Numerous commentators, experts, and teachers themselves have offered critiques of teacher evaluation. Critiques aren’t limited to 1.0 evaluation systems. New systems adopted in recent years with abundant stakeholder input are also in the crosshairs. Typing “What’s wrong with teacher evaluation” into search engines produces pages of well-reasoned thought and evidence, not just angry rants.
The critiques are many, including that teacher evaluation does not: measure teachers accurately with its drive-by observations by principals and third parties; take into account teachers’ varying roles and working conditions; reveal measurable differences among teachers (absence of actual differences would make the profession unique on planet Earth); lead to better professional development; and more.
Some teachers have decided that no evaluation is better than bad evaluation. We understand.
Why should teachers let policymakers use yardsticks to measure teachers’ worth without providing some benefit, not just to a few but to most teachers?
We’d like to propose an “unless” that could get teachers, administrators, policymakers, and unions on the same page:
Let’s keep yardsticks off the teaching profession, unless… unless teacher evaluation leads to these changes:
Teachers get routine, personalized, on-the-job development.
Teachers deserve access to scaffolded development on the job—with modeling, coaching, practice, and feedback—not just once in a while, but day in and day out. Yes, other kinds of development like training may be useful supplements, especially when a teacher is new to a role. But working collaboratively with peers who have mastered elements of teaching and who are committed to the success of the same students is far superior.
Teachers can use their strengths more often at work,
even as they seek to improve weaknesses. Teachers can teach their best subjects or play the roles they do best—small-group instruction, student work review, motivating lectures, and so forth. Teacher-leaders can lead.
Schools offer sustainably paid career advancement in the classroom.
Advancement must be meaningful, letting teachers increase their impact by reaching more students and leading while teaching. The best advancement starts early and helps teachers, not just the school. Advanced roles can include more teamwork, conducting complex planning and instruction on teams, reaching more students directly by partnering with paraprofessionals, and leading teams of increasing size and challenge.
None of these are possible at scale without changes in how teachers’ work is organized, which is why we continue the drumbeat that the one-teacher-one-classroom model must be replaced with models that value teachers’ growth and paid advancement, along with excellent teaching for all students.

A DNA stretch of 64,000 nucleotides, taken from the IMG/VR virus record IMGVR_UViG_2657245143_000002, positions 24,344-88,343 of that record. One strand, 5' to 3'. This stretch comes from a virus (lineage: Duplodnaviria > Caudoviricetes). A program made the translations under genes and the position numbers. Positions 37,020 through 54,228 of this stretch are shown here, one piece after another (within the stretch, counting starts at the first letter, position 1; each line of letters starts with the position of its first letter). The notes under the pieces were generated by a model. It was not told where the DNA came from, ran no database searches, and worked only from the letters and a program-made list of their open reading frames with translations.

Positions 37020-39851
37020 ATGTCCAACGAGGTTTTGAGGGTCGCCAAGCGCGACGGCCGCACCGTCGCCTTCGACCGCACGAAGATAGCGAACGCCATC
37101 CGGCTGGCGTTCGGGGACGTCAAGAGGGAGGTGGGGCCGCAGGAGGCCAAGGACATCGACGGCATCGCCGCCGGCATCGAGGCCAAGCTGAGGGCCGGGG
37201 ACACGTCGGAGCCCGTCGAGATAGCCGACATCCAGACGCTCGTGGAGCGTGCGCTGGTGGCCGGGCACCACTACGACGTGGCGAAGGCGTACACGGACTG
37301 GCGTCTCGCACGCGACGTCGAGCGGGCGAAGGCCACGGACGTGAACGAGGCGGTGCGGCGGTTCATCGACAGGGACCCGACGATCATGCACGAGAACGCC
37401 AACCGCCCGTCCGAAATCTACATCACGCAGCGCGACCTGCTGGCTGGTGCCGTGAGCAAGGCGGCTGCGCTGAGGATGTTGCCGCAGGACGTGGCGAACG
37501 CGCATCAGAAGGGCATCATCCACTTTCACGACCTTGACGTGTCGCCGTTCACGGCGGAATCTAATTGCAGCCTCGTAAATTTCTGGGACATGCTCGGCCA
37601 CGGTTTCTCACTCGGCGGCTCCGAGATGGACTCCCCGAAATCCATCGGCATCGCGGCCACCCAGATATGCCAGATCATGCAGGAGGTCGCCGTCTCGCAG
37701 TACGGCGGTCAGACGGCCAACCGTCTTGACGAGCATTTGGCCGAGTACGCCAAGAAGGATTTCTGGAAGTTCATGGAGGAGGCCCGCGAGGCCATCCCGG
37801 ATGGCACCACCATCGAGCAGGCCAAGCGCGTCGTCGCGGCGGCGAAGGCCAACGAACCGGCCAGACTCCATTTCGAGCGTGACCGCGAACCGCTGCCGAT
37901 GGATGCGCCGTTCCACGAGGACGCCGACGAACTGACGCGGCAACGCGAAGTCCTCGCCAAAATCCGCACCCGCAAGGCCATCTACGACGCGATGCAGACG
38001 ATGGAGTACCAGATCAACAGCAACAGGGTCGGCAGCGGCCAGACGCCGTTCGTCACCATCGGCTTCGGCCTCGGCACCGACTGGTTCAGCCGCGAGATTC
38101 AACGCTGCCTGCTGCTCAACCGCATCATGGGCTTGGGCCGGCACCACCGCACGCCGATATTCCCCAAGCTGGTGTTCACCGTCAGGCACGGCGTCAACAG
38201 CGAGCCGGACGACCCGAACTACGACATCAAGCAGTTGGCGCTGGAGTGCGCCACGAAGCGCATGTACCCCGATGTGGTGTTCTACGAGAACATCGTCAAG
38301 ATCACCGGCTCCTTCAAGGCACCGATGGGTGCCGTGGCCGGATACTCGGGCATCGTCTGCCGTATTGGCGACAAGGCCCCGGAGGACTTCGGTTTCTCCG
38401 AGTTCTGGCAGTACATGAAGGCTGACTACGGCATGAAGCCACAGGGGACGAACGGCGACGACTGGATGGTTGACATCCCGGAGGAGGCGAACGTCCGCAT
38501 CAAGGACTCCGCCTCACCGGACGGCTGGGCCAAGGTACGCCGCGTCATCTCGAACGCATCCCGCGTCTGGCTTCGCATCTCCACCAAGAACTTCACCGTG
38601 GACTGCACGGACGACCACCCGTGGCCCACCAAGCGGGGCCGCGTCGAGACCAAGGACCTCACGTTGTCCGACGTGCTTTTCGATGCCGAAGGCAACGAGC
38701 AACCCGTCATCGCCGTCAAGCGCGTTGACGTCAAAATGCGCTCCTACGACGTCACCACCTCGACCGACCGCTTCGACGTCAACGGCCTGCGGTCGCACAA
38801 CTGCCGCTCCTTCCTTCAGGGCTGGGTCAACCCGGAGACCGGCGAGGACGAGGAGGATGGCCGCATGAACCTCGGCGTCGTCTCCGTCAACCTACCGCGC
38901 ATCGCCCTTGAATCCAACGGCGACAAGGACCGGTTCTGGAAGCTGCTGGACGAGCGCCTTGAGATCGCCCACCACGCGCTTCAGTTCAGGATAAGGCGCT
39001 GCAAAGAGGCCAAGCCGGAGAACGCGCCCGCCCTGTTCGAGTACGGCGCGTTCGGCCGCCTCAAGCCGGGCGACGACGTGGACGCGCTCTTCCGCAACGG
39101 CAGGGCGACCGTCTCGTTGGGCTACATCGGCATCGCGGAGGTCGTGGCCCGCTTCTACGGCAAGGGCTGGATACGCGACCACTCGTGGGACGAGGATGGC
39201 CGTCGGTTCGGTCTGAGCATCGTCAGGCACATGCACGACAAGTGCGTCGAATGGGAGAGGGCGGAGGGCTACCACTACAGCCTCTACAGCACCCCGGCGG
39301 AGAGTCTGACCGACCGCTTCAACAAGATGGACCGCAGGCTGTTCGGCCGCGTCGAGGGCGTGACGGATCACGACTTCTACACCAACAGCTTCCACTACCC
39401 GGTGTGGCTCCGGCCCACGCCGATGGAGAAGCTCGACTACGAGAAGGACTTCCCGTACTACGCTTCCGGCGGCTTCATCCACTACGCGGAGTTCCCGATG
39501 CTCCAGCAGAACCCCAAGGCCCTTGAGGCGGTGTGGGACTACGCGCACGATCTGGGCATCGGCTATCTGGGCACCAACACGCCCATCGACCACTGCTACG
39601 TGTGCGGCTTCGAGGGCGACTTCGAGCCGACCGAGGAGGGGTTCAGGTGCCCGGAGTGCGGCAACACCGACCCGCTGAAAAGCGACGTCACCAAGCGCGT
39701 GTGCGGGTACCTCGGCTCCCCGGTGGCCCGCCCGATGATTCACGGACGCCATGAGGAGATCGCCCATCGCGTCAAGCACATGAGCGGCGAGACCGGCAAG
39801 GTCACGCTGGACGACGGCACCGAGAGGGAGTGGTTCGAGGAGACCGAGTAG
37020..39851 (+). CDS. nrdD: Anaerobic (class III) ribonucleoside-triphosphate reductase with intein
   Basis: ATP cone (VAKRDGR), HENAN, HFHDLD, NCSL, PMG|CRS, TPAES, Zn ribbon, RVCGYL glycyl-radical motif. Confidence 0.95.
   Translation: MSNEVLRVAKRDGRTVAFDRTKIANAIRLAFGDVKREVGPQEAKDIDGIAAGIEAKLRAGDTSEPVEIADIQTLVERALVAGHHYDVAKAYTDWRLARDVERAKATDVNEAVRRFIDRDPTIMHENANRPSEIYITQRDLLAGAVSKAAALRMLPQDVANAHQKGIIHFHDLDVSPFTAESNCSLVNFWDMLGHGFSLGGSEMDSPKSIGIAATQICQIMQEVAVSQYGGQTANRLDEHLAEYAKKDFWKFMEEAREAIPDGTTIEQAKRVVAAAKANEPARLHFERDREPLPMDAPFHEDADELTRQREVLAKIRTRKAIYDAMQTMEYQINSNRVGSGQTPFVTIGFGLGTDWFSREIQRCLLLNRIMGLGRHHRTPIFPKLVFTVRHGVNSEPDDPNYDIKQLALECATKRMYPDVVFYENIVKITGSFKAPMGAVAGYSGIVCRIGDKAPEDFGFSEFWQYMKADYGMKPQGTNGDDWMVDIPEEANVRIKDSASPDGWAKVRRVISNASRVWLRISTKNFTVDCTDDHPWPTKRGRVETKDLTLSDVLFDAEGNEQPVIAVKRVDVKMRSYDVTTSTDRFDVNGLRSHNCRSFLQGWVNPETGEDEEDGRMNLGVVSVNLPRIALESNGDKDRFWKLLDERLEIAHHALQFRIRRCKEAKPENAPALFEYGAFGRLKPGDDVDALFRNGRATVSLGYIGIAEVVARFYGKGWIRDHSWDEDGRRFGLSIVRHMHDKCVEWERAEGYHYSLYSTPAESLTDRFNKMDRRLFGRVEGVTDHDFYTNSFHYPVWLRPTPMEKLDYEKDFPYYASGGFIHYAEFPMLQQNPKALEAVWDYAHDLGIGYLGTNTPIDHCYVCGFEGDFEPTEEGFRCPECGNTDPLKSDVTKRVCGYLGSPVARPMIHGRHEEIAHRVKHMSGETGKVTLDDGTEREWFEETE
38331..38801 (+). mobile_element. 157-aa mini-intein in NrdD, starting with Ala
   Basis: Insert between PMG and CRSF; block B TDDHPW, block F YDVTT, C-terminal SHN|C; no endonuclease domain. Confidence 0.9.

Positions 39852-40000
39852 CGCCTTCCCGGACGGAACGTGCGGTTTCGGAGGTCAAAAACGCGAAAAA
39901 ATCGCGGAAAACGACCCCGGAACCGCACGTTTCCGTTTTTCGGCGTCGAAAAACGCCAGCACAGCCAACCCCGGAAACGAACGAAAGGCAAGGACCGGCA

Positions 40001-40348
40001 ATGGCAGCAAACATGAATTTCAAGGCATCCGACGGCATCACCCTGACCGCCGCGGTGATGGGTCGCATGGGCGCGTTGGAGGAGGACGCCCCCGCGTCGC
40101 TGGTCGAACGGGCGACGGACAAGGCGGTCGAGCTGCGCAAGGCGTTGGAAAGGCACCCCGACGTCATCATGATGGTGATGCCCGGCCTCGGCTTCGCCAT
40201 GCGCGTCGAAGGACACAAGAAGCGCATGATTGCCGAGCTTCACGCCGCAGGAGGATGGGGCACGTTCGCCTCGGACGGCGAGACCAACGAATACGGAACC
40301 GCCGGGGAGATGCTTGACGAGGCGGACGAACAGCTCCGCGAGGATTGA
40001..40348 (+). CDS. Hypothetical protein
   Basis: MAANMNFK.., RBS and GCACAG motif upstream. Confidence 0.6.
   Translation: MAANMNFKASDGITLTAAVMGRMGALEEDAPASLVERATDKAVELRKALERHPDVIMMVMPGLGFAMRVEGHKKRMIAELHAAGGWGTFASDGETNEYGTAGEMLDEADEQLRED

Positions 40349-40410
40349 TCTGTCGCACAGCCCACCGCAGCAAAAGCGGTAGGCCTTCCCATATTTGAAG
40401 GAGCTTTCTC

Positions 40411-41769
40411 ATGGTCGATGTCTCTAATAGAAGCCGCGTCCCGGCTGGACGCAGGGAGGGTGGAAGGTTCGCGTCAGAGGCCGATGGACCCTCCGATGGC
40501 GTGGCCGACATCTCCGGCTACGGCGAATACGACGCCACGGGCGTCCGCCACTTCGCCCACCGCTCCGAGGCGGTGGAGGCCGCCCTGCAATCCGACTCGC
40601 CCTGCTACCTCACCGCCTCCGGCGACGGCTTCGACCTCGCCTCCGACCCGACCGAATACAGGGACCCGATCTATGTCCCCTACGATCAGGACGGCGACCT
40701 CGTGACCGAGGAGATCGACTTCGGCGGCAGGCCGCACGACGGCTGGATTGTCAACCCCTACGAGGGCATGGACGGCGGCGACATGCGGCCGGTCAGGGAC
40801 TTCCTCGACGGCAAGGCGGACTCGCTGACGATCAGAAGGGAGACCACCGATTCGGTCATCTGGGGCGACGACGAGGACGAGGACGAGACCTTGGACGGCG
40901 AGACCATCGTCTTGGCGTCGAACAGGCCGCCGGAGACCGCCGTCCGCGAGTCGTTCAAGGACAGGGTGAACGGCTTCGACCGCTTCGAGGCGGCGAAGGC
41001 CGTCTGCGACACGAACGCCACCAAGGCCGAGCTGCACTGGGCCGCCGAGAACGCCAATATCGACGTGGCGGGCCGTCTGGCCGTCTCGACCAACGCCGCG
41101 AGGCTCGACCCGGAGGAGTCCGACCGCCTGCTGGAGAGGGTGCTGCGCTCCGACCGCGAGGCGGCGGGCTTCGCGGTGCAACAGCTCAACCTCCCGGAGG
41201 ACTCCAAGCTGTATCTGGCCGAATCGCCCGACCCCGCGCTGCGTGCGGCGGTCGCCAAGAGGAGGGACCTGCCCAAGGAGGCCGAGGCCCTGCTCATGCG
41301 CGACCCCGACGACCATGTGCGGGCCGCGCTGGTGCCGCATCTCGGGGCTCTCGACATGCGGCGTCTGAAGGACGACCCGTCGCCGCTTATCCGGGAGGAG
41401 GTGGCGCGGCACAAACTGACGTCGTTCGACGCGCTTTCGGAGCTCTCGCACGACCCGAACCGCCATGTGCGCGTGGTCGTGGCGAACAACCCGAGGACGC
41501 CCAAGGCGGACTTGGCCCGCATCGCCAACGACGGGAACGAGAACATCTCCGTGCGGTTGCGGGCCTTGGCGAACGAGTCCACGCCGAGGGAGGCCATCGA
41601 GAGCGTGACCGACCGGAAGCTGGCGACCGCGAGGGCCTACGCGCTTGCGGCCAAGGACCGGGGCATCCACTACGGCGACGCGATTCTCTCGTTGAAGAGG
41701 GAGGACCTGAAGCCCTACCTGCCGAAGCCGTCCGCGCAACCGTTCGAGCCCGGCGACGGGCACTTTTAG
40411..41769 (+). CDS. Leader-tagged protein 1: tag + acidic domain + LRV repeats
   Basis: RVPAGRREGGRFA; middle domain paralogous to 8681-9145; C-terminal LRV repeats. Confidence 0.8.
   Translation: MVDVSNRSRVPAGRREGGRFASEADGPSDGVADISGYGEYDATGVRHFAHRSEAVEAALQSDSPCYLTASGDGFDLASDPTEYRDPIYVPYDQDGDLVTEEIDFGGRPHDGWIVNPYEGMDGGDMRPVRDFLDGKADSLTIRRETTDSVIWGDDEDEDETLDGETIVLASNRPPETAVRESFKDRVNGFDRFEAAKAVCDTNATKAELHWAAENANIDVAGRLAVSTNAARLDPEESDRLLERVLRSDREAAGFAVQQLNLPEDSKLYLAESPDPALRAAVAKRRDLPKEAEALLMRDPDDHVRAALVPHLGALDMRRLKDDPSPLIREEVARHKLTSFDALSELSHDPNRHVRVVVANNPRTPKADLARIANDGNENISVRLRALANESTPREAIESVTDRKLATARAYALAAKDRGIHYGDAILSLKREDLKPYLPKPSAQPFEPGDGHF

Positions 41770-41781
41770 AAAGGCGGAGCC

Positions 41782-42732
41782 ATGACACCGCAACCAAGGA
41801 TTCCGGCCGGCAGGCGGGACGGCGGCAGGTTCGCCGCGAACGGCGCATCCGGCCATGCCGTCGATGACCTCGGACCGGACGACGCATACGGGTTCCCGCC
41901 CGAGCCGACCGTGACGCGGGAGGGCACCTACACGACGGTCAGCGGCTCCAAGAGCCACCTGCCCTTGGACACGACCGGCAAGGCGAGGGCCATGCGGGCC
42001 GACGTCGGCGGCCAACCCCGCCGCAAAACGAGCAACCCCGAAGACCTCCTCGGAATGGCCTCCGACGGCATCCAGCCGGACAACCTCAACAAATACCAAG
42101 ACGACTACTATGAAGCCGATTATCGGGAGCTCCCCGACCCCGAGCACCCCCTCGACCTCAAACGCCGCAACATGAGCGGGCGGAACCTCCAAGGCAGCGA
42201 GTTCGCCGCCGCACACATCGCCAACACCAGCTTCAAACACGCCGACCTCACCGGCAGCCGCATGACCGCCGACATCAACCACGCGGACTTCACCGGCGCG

Interestingly, moving to team-based, teacher-led, extended-reach models instead also fixes many of the challenges with teacher evaluation, as we explain here and here with practical help for districts.
It’s one thing to talk about it, but quite another to do it, which is why we and our colleagues shifted gears a few years ago to help schools implement these changes, not just write about them. It’s not enough to help individual schools, though. Scale requires districts to change, too. They must offer training to teachers new to advanced roles, especially when teachers have had no opportunity to learn on the job. Districts must clarify new roles and help schools change schedules so that teachers have time with their teams to plan, review student work, reflect on progress, and make changes. They must provide interim student assessments that can truly predict success in meeting long-term learning goals and provide data reports at the team level, not just teacher-by-teacher, so teachers can collaborate without mushrooming work hours.
And districts must match evaluations to the team-based, teacher-led, extended-reach jobs similar to those that dominate in other professions and that must grow much faster in the education sector. Districts must advocate for changes in state policies, both those affecting evaluation and others, that act as barriers to scaling up these kind of roles across districts.
Until then, we think it’s very reasonable for teachers to say, “Keep your yardsticks off my career. Don’t measure me if you aren’t going to help me succeed.” Teacher evaluation should open far more doors than it closes. Until it does, more of us need to roll up our sleeves and help teachers make the changes needed to achieve the outstanding profession they deserve and that students need.